Hitoshi Sakimoto is the game’s composer. He composed many Square Enix RPGs such as Final Fantasy XII and the upcoming Revenant Wings. He utilizes orchestra to convey emotions and executed the battle themes in a cinematic style. I always liked the epic scope of his battle themes, such as those in Final Fantasy Tactics. All the vocal songs he composed are also excellent. It’s not the best of his work I’ve heard, but fits well with the game’s, graceful charm.
The game also provides full voice acting, and Atlus incorporated a dual language option that you can switch during gameplay. It’s not surprising that the Japanese voice acting is better, featuring a lot of prolific voice actors. Fortunately, the English is solid, managing to retain the Shakespearean style without feeling flat or cheesy most of the time. Some of the English VA, such as the NPC Oswald, are a bit weak, though I was not into Oswald’s Japanese VA either. Occasionally, the execution of some lines can come off stiff or awkward, but regardless, I found the English VA to be enjoyable in its own right. You can’t go wrong with either option.
Odin Sphere is a side-scrolling, Action RPG, and from the first stage, it follows a specific formula. Each book consists of 7 chapters, each containing a mission to go through. These missions consist of mini-stages of various difficulties, rated by stars on the map. The objective is always to defeat all enemies, and there is a timer for each stage. Upon completing the stage, you will be ranked based on how fast you completed it along with how little damage you receive. Higher ranks give better rewards, but there is always a certain item dropped on each stage. Amongst these mini-stages are two mini-boss rooms and two shops. At the end, you go fight the main boss, which has no timer, rank or rewards.
Since every mission follows the formula and the enemies, most bosses, and even stage structures get rehashed, the game can be quite repetitive, so you’ll fare better playing in small doses to keep the enjoyment fresh. It only gets different in the final book, which only has boss fights. For what it does provide, its still fun, and the missions themselves are short at least. The game poses quite a challenge, with emphasis on skill and item management over mindless rampage. This especially holds true for bosses, as most of them require you to pull off a lot of skills and have a pinch of luck.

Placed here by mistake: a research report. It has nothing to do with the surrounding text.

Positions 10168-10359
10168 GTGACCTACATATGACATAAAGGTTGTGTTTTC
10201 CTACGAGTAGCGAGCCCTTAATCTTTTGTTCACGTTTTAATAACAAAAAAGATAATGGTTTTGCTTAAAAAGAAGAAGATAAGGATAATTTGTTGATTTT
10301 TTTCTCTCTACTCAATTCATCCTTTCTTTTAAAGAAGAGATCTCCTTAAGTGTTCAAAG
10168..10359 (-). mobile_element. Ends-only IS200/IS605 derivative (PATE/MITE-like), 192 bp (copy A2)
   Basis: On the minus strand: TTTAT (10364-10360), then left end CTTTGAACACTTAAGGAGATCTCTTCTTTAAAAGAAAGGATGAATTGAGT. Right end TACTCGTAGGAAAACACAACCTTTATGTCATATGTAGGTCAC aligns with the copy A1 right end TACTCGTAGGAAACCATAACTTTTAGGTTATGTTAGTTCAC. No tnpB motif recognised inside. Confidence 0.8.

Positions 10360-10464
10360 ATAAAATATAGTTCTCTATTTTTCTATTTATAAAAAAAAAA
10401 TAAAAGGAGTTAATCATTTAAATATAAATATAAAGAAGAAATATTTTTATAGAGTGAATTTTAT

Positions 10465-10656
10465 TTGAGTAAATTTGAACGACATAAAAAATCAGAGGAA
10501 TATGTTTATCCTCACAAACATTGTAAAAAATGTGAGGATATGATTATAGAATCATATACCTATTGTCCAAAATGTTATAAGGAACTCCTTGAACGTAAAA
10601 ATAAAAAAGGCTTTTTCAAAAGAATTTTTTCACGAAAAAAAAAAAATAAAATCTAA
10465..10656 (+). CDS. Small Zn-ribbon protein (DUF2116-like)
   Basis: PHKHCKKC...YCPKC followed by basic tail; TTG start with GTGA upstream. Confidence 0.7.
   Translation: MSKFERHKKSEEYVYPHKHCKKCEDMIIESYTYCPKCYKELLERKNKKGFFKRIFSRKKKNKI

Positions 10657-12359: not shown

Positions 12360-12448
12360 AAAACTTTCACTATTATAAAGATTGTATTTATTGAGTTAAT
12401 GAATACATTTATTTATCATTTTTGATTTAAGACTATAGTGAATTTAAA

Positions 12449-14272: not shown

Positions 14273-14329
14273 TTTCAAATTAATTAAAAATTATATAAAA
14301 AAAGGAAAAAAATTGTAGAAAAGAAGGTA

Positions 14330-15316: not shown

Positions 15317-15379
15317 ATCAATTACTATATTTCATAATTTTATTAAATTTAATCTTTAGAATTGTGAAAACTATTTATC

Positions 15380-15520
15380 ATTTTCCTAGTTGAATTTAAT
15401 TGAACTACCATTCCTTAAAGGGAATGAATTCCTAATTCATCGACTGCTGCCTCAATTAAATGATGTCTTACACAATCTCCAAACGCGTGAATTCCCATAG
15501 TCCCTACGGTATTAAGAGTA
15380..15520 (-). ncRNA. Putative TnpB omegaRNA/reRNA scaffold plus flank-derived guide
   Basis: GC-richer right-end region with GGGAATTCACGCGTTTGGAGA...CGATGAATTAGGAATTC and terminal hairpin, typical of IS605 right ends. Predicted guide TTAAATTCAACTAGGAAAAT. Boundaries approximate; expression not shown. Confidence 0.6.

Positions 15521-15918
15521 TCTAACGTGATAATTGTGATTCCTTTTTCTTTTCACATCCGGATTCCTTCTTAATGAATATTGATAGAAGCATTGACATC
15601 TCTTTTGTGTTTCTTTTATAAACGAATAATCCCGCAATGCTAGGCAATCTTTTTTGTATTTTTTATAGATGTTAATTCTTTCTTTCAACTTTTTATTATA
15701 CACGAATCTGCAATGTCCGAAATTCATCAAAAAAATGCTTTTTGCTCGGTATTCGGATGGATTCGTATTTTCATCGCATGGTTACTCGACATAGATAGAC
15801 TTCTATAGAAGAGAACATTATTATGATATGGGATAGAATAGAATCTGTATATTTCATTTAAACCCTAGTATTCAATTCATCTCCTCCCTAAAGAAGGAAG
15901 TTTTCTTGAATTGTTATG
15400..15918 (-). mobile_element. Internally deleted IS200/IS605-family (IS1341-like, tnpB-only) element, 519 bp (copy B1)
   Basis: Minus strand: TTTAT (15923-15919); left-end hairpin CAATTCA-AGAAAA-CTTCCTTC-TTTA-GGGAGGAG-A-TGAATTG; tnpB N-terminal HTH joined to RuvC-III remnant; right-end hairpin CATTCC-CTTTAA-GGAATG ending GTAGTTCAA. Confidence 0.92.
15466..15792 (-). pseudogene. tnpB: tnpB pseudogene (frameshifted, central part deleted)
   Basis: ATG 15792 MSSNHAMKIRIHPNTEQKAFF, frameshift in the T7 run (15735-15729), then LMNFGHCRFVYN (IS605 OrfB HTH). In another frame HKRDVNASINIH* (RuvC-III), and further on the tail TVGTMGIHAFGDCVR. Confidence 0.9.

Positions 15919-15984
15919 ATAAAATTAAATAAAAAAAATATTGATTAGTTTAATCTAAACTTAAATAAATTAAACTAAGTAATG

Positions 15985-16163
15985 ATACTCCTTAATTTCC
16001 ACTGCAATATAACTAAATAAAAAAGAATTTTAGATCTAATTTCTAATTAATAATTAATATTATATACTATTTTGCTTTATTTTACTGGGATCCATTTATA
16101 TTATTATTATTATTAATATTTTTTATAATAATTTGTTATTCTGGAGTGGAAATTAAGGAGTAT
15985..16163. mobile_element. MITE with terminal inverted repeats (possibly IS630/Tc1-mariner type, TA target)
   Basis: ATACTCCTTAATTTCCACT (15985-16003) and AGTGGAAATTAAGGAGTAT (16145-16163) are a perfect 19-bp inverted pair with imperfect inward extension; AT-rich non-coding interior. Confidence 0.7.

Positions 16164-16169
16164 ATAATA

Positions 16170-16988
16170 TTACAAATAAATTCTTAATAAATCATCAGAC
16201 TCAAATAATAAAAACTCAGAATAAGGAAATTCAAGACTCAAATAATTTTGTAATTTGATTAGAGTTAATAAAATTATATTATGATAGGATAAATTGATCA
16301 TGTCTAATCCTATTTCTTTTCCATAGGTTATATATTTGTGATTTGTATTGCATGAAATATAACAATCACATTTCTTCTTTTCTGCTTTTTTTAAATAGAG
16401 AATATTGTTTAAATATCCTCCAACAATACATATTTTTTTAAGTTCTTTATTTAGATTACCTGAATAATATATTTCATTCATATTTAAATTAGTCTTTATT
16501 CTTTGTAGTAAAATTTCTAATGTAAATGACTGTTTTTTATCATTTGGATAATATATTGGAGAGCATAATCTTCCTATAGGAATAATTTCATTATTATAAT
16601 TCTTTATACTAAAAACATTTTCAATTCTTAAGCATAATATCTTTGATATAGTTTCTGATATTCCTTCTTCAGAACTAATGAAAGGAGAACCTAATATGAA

For each book containing a different protagonist, however, there isn’t a huge degree of variety to their playstyles, with almost everyone but Mercedes fighting similar. Each does possess one unique ability as well as different combos, speed, hp and strength, so that they aren’t carbon copies of one another. They also share the same abilities too, and while it proved to be a downer initially, these abilities are extremely useful and I was glad each character had them.
There are two sets of exp bars for each character to gain. The first is your Psypher, where you absorb phozons (life energy) from defeated enemies. Tougher enemies yield more phozons while mini-bosses release a bunch. Leveling up your Psypher would increase attack power along with learning new abilities and increasing your Psypher gauge every few levels. The second is HP, which you can only level up by eating. You can plant a seed during a battle which will grow only if it absorbs phozons. Grown food provides a good amount of exp while bought ones provide very little.
In addition to combat, there is an alchemy and cooking system that is unlocked early on. Alchemy is where you make items by combining chemicals with special plants called mandragoras, hidden underground, and which can be found by the squeaking noises they make. Cooking is where you go either to a café or kitchen, bringing ingredients and a coin to receive a nice meal, gaining massive exp for HP. As you progress, you will come across recipes as an occasional stage award. Alchemy is beneficial for creating items to enhance your hero, along with forging up destructive items. Cooking is the best way to gain HP exp and can be downright addicting. Both crafts are great and add a lot to the game.
You can switch difficulty any time during the game, and upon beating the game on hard mode from start to finish, you unlock heroic difficulty where enemies are vicious, and the little HP you have will never increase. Aside from unlocking the ultimate difficulty and true ending, there is little else to do in the game, but it provides a solid length of around 40 hours with a simple but fun fighting system and addicting crafts.
One of my pet peeves for action RPGs is that the majority of what I’ve played have had clunky controls. While it can feel awkward at times, the controls are solid with good response, while keeping it simple. The interface is well done, featuring an extremely useful radar. It showcases your character, along with enemies, attacks, and items. What makes the radar so well done is that it displays how the enemy looks in a miniature scale and exactly showcases their movement and actions from initiating attacks to falling in defeat. Accessing items is simple as you toggle through each bag with the L1/R1 button and provides a shortcut to showcase all your items to organize.
The game does suffer from some nasty load times, particularly in the towns or starting up a stage. They are not long in general, but the buildup leads to annoyance.
To sum up, never have I seen a game so visually pleasing. If you look past the heavy repetition, Odin Sphere is a fun game with solid concepts, along with a great musical score and interesting plot. I applaud Atlus for releasing this masterpiece, especially just five days after Japan’s release. Rent it at the very least, but for just $40, you can’t go wrong with purchasing it. It’s a one of a kind gem and a worthy contender for best RPG of 2007.